2008 Nanoday Poster
Title: Thermal Bubble Nucleation in Nanochannels: Simulations and Strategies for Nanobubble Nucleation and Sensing
, Manoj Sridhar, Dongyan Xu, Anthony Hmelo, Deyu Li and Leonard Feldman
Abstract: With continuing progress in the state of the art of nanofabrication it is now possible to conceive devices that may enable the experimental sensing of bubble nucleation in nanochannels, and the direct measurement of the nucleation rate in water and other fluids. In the present study the authors present the results of molecular dynamics simulations of thermal bubble nucleation in nano-confined argon and water systems using an isothermal-isobaric (NPT) ensemble to determine the conditions under which nanobubble nucleation may be expected. No bubbles were observed for either system under an external pressure of 0.01 - 0.1 MPa, even for temperatures much higher than the boiling temperature of the respective liquids at 0.1 MPa. The density of the nano-confined fluids at constant temperature is observed to be almost independent of external pressure on the system in the simulated pressure range, suggesting that the nano-confined liquids behave like liquids with low compressibility even at temperatures close to their superheat limit. To explain these observations, we hypothesize that bubble nucleation induces a pressure disturbance, which travels to the channel wall and reflects back to the nucleation site suppressing bubble nucleation as the characteristic pressure wave travel time is much shorter than the nucleation time. Our results suggest limits on the nanochannel length scale and conditions under which nanobubble nucleation can be expected.
The experimental sensing of bubble nucleation in a nanochannel reactor requires an advanced detection scheme. We report on the detailed characterization of an ultrasensitive fluidic device that has been used to detect the translocation of small particles through a sensing microchannel. The device connects a ﬂuidic circuit to the gate of a metal-oxide-semiconductor ﬁeld-effect transistor (MOSFET) and detects particles by monitoring the MOSFET drain current modulation instead of the modulation in the ionic current through the sensing channel. The minimum volume ratio of the particle to the sensing channel detected is 0.006%, which is about ten times smaller than the lowest detected volume ratio previously reported in the literature. This volume ratio is detected at a noise level of about 0.6% of the baseline MOSFET drain current, clearly showing the ampliﬁcation effects from the ﬂuidic circuits and the MOSFETs. We characterized the device sensitivity as a function of the MOSFET gate potential and show that its sensitivity is higher when the MOSFET is operating below its threshold gate voltage than when it is operating above the threshold voltage. In addition, we demonstrated that the device sensitivity linearly increases with the applied electrical bias across the ﬂuidic circuit. We demonstrate the application of the device concept as a particle sensor for polystyrene and glass beads on a variety of micro/nano length scales.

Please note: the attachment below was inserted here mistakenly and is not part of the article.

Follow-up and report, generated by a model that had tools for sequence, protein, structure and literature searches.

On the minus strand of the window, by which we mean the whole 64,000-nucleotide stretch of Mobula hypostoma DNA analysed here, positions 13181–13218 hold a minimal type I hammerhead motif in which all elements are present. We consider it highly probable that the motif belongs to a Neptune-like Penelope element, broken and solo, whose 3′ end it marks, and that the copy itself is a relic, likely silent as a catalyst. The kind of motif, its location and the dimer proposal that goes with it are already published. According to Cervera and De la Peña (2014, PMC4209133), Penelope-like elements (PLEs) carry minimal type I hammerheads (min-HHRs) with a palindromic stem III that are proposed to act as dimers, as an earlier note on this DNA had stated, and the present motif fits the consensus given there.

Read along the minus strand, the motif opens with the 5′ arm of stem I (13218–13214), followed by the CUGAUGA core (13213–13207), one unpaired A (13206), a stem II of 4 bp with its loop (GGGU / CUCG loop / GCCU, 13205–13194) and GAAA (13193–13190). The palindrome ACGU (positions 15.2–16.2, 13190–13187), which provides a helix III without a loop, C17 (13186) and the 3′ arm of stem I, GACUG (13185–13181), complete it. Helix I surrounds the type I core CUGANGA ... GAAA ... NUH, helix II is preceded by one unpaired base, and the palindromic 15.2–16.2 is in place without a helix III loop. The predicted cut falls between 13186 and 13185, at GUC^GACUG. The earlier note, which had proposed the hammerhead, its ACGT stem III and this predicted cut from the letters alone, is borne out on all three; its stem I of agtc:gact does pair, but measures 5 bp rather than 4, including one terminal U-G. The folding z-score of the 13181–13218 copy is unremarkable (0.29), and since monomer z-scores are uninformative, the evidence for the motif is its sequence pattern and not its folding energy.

2008 Nanoday Poster
Title: Measuring Depth-dependent Defect Concentrations in Semiconductors using Coherent Acoustic Phonon Waves, A. Steigerwald, J. Gregory, J. Qi, Y. Xu, A. Hmelo and N. Tolk
Abstract: Determining depth profiles of defect concentrations is a difficult challenge in materials characterization. Currently there are no robust methods to achieve defect concentration profiles over a broad depth range. Available techniques are often of limited use due to material specificity or shallow depth limits, can be destructive in nature, and tend to focus on composition profiles while ignoring point defects such as vacancies or self-interstitials. Using ultra-fast time-resolved pump-probe techniques, we demonstrate that optically excited coherent acoustic phonon (CAP) waves may be employed to obtain point defect concentration depth profiles in semiconductors for concentrations spanning almost four orders of magnitude. This non-invasive, non-destructive method has a depth range in excess of tens of microns and can be used for a variety of materials containing different defect types, offering a novel and readily accessible route to defect depth profiling.
Title: An Ultrasensitive MOSFET-Based Coulter Counter, M. Sridhar, Y. Kang, D. Xu, A.B. Hmelo, L.C. Feldman, D. Li and D. Li
2006 Nanoday Poster
Title: Electro-osmotic Flow Through Surface Modified Nanochannels, M. Sridhar, D. Li, A.B. Hmelo and L.C. Feldman
2005 Nanoday Poster
Title: Colloidal Jamming in Nanoporous Membranes, M. Sridhar, S. Hasan, S.K. Vajandar, A.B. Hmelo, L.C. Feldman, D. Li, S.J. Rosenthal and R.S. Foote